Thinking you’ve been excluded counts as ‘hate crime’ says CPS

If a pupil believes they have been excluded from a friendship group because of their sexual orientation, it could be a ‘hate crime’ according to the Crown Prosecution Service (CPS).

The new guidance for schools was written by the CPS alongside LGBT activist groups Gendered Intelligence and Stonewall.

Other examples of potential “anti-LGBT+ hate crime or LGBT+ hate incidents” it puts forward include “rejecting someone” and “not wanting to work with them”.


The CPS defines hate crime as: “Any criminal offence which is perceived by the victim or any other person, to be motivated by a hostility or prejudice based on a person’s race or perceived race; religion or perceived religion; sexual orientation or perceived sexual orientation; disability or perceived disability and any crime motivated by a hostility or prejudice against a person who is transgender or perceived to be transgender.”

The document states that the CPS regards homophobic and transphobic hate crimes as “particularly serious”.

The new guidance also tells schools they could face legal action if they refuse to allow a male pupil access to female changing rooms.

Chris Long, the CPS national lead on hate crime, said the guidance would “educate” children and young people and support victims in reporting ‘transphobic abuse’.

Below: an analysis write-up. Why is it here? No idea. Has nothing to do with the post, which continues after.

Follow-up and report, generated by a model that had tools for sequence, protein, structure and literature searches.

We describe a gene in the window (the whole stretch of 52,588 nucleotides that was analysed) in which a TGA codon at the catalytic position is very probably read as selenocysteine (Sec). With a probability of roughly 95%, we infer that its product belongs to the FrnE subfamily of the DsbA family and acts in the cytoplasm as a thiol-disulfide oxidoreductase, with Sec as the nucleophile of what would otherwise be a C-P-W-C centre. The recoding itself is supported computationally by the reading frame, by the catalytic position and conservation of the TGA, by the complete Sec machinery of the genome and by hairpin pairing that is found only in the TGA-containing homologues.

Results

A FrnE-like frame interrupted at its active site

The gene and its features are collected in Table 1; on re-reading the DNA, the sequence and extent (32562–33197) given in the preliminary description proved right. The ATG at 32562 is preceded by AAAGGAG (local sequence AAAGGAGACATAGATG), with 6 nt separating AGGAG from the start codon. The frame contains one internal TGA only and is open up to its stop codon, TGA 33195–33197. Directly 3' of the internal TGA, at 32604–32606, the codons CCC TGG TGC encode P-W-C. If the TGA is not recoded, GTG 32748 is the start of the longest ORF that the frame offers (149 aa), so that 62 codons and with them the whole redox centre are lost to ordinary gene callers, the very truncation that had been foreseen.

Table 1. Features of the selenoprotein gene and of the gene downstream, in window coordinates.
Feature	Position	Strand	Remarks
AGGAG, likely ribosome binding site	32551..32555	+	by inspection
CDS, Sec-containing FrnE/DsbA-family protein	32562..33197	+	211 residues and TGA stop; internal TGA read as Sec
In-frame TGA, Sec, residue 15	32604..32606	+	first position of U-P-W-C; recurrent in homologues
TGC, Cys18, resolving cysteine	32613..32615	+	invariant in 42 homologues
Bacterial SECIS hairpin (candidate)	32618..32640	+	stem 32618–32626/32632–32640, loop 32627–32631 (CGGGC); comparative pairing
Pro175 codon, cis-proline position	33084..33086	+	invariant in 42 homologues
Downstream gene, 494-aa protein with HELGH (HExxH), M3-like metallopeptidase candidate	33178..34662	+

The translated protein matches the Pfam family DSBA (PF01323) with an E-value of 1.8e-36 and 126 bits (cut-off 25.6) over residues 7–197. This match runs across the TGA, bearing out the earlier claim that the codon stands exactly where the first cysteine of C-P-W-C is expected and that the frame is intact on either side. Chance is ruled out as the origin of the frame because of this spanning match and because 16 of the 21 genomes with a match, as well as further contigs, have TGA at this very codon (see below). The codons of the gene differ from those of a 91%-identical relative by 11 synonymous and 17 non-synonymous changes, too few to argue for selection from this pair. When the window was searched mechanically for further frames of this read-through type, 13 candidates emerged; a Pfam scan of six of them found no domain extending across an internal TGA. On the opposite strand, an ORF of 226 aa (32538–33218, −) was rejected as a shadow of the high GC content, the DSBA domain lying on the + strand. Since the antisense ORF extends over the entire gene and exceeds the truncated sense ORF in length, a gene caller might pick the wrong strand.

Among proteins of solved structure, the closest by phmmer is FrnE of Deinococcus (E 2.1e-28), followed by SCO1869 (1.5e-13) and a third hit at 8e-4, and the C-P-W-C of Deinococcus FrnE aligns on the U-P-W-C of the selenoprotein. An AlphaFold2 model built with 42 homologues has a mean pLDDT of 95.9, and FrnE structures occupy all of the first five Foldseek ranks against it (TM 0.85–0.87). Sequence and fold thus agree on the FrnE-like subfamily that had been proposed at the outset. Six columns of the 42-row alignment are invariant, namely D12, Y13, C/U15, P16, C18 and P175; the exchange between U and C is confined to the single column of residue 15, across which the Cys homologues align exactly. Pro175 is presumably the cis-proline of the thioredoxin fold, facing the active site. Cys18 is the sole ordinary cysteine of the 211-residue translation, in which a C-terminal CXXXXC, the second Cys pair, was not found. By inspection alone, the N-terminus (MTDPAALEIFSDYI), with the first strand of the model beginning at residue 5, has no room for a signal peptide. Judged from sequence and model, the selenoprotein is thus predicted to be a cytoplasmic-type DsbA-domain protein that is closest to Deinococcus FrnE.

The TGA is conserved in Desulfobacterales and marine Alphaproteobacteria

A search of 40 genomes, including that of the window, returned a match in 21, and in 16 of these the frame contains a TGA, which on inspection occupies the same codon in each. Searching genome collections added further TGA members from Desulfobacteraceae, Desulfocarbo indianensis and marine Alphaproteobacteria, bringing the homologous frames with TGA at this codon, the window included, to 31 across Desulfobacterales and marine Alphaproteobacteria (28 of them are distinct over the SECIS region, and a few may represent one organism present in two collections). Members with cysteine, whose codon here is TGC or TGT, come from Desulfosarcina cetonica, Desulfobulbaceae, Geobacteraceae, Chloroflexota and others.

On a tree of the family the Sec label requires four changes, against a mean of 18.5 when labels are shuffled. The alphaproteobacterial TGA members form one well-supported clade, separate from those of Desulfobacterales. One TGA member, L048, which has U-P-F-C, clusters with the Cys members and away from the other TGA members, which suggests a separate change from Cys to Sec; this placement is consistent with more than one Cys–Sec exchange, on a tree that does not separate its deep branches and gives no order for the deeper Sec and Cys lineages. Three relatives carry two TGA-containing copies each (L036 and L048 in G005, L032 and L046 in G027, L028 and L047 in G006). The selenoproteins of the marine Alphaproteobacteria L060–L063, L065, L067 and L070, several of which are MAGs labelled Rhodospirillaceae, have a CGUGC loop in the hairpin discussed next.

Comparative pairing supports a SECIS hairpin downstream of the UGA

’Hierarchy of hate’

Parent group Transgender Trend disagreed.

It said: “The updated CPS Hate Crime guidance for schools establishes a hierarchy of hate and creates a school culture where any child may be criminalised if their speech or behaviour is perceived by another pupil as hate.”

Its founder Stephanie Davies-Arai also criticised the document for suggesting “that single sex spaces are unlawful”.


Sarah Phillimore, a barrister who specialises in public law and child protection, described the guidance as “extremely alarming”.

She added that a “clear incentive” is being set to “encourage students to report one another’s behaviour or for a teacher to feel under pressure to refer it on to the police”.

It is the second time in recent months the CPS has caused controversy over its LGBT guidance.

Last year it told prosecutors to “address trans victims, witnesses and defendants according to their affirmed gender and name” and to use that gender and related pronouns “in all documentation and in the courtroom.”

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